Sunday, June 30, 2013

Book Review: Feed- M.T. Anderson

This is the second young adult fiction book recommended by John Green, excluding his own novels, that I have read, and I have been displeased by both.  In fairness, the video link above led me to expect something different than what the book actually turned out to be.  So, to clarify if you don't watch the above video, some context.  Last summer I made it through my YouTube Watch Later Playlist before I went to my Advanced Placement Summer Institute for Chemistry down in Kentucky where I was away from my wife and family in the middle of nowhere KY for a week.  During the day I was in class and in the evenings I had dinner in a hotel room and watched YouTube videos.  I decided to attempt to watch through the backlog of nearly 800 videos on the blog brothers channel.  It was fun to watch many of the early videos but I only made it through about November of their first year.  At that time, John had written his first two and was working on the draft of the third, so about that same time I listened to them (in fact that week I listened to Looking for Alaska).  In the video above John refers to Hank's desire to have Wikipedia in his brain.  John and several commenters referred to the book here.
So to the book.  Feed is basically about having the Internet, and especially the advertising and mindless entertainment portions of, it wired into our brains.  The technology to do this is called the feed.  Most people have it and enjoy it because of its convenience, but there are some who hold out due to skepticism.  Although the skeptical mindset turns out to be correct, it is those who were skeptical who suffer in the end.  The novel is set in the future and is a science fiction dystopian novel.  I know I swore off of dystopian novels after reading Hunger Games and Brave New World, but I had forgotten that this was not just sci-fi, but also dystopian.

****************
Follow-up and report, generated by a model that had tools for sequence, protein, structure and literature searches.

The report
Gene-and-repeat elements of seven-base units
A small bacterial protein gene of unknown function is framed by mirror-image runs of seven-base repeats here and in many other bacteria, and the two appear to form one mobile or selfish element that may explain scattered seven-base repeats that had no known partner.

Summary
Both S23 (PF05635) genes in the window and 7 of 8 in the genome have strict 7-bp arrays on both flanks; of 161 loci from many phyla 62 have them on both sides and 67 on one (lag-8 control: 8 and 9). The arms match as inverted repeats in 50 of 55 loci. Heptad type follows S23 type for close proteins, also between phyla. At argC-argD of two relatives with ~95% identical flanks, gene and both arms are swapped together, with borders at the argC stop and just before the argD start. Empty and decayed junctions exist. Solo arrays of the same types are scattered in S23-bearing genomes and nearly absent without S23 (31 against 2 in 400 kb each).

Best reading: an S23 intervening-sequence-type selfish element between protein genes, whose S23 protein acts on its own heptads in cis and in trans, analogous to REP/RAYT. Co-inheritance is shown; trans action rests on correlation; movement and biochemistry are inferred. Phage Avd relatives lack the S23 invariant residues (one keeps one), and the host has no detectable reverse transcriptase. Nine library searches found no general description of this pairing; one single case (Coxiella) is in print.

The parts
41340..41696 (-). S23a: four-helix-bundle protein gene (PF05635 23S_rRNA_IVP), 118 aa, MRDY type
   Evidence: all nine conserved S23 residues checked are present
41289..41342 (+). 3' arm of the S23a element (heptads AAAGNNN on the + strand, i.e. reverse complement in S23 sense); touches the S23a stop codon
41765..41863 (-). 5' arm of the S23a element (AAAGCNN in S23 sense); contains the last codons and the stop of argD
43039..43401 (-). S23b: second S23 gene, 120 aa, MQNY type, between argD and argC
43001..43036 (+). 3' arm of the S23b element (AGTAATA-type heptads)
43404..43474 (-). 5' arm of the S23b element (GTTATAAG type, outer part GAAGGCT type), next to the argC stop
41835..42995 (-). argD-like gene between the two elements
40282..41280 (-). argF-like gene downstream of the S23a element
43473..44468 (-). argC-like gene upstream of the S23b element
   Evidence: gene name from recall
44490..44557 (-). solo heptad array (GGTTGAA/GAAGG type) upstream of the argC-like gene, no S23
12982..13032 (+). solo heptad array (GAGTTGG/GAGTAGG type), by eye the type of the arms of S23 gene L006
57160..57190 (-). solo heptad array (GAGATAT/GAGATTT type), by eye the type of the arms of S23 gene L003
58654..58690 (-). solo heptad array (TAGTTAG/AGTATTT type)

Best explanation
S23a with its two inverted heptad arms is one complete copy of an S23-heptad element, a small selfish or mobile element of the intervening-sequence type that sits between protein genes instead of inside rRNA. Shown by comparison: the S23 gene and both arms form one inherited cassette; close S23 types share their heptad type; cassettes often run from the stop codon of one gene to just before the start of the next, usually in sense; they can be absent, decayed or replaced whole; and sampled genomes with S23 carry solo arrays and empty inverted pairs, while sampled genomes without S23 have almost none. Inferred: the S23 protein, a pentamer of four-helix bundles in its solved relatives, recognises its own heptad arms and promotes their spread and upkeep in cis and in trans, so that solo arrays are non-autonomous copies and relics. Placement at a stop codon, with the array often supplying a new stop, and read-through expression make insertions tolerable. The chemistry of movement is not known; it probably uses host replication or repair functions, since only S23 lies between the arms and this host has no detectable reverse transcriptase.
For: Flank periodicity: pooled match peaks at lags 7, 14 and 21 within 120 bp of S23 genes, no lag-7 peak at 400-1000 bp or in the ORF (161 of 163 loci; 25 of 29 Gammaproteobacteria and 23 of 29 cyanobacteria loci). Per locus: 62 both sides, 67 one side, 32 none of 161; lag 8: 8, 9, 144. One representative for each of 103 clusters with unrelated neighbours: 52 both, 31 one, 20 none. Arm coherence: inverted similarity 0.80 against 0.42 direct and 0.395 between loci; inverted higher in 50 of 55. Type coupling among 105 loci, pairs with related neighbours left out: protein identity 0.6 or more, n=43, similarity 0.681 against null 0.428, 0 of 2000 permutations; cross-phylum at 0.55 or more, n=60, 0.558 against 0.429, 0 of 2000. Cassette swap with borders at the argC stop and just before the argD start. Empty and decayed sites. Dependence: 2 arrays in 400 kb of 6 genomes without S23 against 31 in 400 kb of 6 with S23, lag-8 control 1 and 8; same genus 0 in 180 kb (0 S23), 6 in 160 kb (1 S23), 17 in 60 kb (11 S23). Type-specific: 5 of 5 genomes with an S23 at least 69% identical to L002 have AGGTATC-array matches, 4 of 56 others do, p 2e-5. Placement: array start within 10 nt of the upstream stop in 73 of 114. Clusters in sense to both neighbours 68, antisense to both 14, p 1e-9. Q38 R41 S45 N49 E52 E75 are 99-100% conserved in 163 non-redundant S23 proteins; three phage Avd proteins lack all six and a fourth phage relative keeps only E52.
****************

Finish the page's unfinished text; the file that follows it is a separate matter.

Without spoilers, the main female character, Violet meets the narrator Titus at a party on Earth's Moon.  While at the party someone disrupts theirs, and others', feeds with something akin to disconnection via a software virus.  Through this attack, as well as Violet having received her feed implant later in life and a cheaper model she has trouble recovering from the feed.  Furthermore, the medical costs are too high for her widowed, eccentric father.  Of course, already in our real-world digital age we are seeing the start of a filter bubble and customized advertising, but this book took it one step further.  In her attempts to mess with and confuse the feed she shops for all sorts of eccentric things, but buys very little.  When it comes time to pay her medical bills an option outside of insurance and self-paying is to get a corporate sponsor.  But she burned her bridges with them by maintaining no brand loyalty.  The story unfolds predictably from there with a little bit of teenage angst thrown into the mix.  The end morality is to be distrusting of corporations and governments, but mostly it is a warning against consumerism.
One minor complaint too is that to show the dumbing down of society a lot of odd slang and cussing is used, at times it is distracting because it is so inane, but I do understand the point of it.  I was reminded of this while looking for the book image above, which links to an excerpt from early in the book.
Being dystopian, the novel has a distasteful end, but I think my main complaint is something that I already stated.  The feed causes problems, but in the end those with the feed only have minor problem and those without the feed, or who were reluctant to adopt it because they were skeptical, end up suffering the most when all is said and done.

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